Positives

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These are the positives to my negatives. I don’t like all of them but I do like the majority. My personal favorites are the ones that show detail- the two images that show clear light, the very pale/ underexposed one that shows the outside building and the one that has the light at the top right-hand side (reminds me of a horror movie for some reason).

I don’t like the bottom two pinholes as they are too light and show no detail at all. That is disappointing but I can learn from my notes how to make them better for in the future, besides, it was only my second attempt at using a pinhole camera.

I made my negatives positive by scanning them into a Mac from my book and then going on to Photoshop > Image > Adjustments > Invert. As it was easy and had simple steps I did it in a matter of minutes. Next time I will use curves and levels to adjust the images so there is more defined detail and shadow/highlight.

Developing Pinhole Prints

Developer- Ilford Multigrade 100ml developer:9ooml water at about two minutes in the tub
Stopper– Water at about 30 or more seconds in the tub
Fixer– Ilford Rapid Fixer 200ml developer:400ml water at more than five minutes in the tub
Washer- Water at twenty minutes or more in the tub
*Water needs to be at 20c
Hang to dry as long as needed

 

Pinhole Prints

Print one is one of the best photos that had been taken by me and my friend that day. You can see the definite outline of the two windows and the light mark on the floor. This had a ten-second exposure.

Print two was a friend indoors and the exposure was at 20-seconds. There needed to be a longer exposure time the image is mainly white with a couple of black patches.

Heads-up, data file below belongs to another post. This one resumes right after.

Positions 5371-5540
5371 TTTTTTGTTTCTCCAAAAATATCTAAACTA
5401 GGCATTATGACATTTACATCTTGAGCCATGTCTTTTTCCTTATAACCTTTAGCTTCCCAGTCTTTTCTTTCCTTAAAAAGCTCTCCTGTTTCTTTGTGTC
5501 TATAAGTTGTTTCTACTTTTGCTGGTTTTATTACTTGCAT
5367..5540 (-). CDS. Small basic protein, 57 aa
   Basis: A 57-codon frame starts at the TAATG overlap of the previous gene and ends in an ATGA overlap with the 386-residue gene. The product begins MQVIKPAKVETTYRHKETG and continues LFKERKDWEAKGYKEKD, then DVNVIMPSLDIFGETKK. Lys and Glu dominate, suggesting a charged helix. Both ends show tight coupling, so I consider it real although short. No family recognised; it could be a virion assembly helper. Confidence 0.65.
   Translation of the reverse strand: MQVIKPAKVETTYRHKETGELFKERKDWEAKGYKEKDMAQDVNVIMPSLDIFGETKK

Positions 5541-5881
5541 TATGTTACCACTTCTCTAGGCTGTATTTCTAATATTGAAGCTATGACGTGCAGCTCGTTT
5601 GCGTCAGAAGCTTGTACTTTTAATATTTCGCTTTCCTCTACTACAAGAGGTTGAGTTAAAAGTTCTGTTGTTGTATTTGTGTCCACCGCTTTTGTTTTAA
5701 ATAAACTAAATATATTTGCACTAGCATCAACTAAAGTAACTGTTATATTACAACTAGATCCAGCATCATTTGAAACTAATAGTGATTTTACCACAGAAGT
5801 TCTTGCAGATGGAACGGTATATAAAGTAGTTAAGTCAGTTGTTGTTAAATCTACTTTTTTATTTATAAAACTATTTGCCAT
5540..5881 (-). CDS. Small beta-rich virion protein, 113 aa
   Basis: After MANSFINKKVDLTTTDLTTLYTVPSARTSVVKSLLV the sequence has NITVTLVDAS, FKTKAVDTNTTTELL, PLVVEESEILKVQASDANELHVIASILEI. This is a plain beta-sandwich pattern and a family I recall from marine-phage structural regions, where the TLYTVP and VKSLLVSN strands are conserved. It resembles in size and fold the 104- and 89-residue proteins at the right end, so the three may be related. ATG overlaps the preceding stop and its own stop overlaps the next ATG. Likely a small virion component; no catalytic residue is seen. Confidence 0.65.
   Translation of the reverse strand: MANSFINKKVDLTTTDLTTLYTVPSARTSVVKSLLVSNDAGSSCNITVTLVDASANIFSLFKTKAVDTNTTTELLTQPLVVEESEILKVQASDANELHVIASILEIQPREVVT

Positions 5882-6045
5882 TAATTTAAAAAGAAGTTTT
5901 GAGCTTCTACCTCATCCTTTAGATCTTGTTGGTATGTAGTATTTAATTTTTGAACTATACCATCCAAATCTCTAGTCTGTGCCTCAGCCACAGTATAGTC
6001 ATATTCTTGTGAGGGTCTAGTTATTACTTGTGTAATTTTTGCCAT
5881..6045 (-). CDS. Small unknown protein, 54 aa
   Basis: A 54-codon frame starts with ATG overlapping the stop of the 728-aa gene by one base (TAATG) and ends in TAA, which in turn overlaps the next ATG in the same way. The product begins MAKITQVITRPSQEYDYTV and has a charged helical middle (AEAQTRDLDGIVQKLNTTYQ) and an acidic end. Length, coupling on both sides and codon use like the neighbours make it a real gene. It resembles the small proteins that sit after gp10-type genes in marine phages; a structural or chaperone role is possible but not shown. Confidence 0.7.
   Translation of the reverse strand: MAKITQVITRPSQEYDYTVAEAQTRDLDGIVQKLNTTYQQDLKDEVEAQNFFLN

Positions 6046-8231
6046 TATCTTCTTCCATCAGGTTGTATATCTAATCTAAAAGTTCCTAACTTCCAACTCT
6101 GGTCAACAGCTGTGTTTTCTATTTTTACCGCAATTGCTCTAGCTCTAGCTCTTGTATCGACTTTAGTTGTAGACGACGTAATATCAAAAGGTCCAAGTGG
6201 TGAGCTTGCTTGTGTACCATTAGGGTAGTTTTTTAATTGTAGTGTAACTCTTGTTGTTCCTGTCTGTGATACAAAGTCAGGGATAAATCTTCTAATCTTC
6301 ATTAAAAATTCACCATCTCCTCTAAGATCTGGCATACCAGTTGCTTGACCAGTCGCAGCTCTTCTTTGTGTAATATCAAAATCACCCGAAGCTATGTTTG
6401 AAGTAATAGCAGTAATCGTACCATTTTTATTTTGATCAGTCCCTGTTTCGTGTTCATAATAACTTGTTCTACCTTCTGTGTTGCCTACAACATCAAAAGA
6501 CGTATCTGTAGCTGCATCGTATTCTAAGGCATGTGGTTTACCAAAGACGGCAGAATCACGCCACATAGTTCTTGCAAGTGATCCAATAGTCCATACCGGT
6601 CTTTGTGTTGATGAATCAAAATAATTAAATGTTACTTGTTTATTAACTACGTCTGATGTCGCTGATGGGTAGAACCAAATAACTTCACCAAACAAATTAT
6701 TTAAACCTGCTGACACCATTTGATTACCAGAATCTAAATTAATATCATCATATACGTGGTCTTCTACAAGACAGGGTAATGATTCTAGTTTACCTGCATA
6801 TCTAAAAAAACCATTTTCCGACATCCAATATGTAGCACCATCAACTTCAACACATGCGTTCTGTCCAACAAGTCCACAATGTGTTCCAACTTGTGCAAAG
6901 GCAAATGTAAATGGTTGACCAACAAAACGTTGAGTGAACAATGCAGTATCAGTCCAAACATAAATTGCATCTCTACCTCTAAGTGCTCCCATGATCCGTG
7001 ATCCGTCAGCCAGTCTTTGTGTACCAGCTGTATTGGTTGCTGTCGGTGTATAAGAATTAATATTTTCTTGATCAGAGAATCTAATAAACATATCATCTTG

Print three is also a good shot that was taken that day as you can see the outline of the window. This had a five-second exposure which worked well in the environment we had worked in.

Print four had a 20-second exposure to the light. It was supposed to be of the outside of a library window- clearly, it had been exposed too long as it went black.

Overall, if the environment a person is working in is light then there needs to be a small amount of exposure whereas if it is a dark environment then there would need to be more exposure.

Pinhole Cameras

What is a pinhole camera?
A pinhole camera is a camera with no lens or aperture

How to make a pinhole camera;

  • Cut a square out of a cardboard tube/box
  • Take some tin foil and secure it over the square
  • Make sure no light can get in
  • Use a pin to make a small hole in the middle of the square
  • In a darkroom, put the photo paper in the tube and then seal it
  • Cover the hole and go to the object or place you want a photo of
  • Expose
  • Cover back up when it is done (the exposure is up to the photographer)

How to Develop;

  • At least two Minutes in the tub of Developer
  • About thirty seconds in the stopper (water)
  • Five minutes or longer in the Fixer
  • About twenty minutes in the wash (water)
    *Make sure the water is at 20 C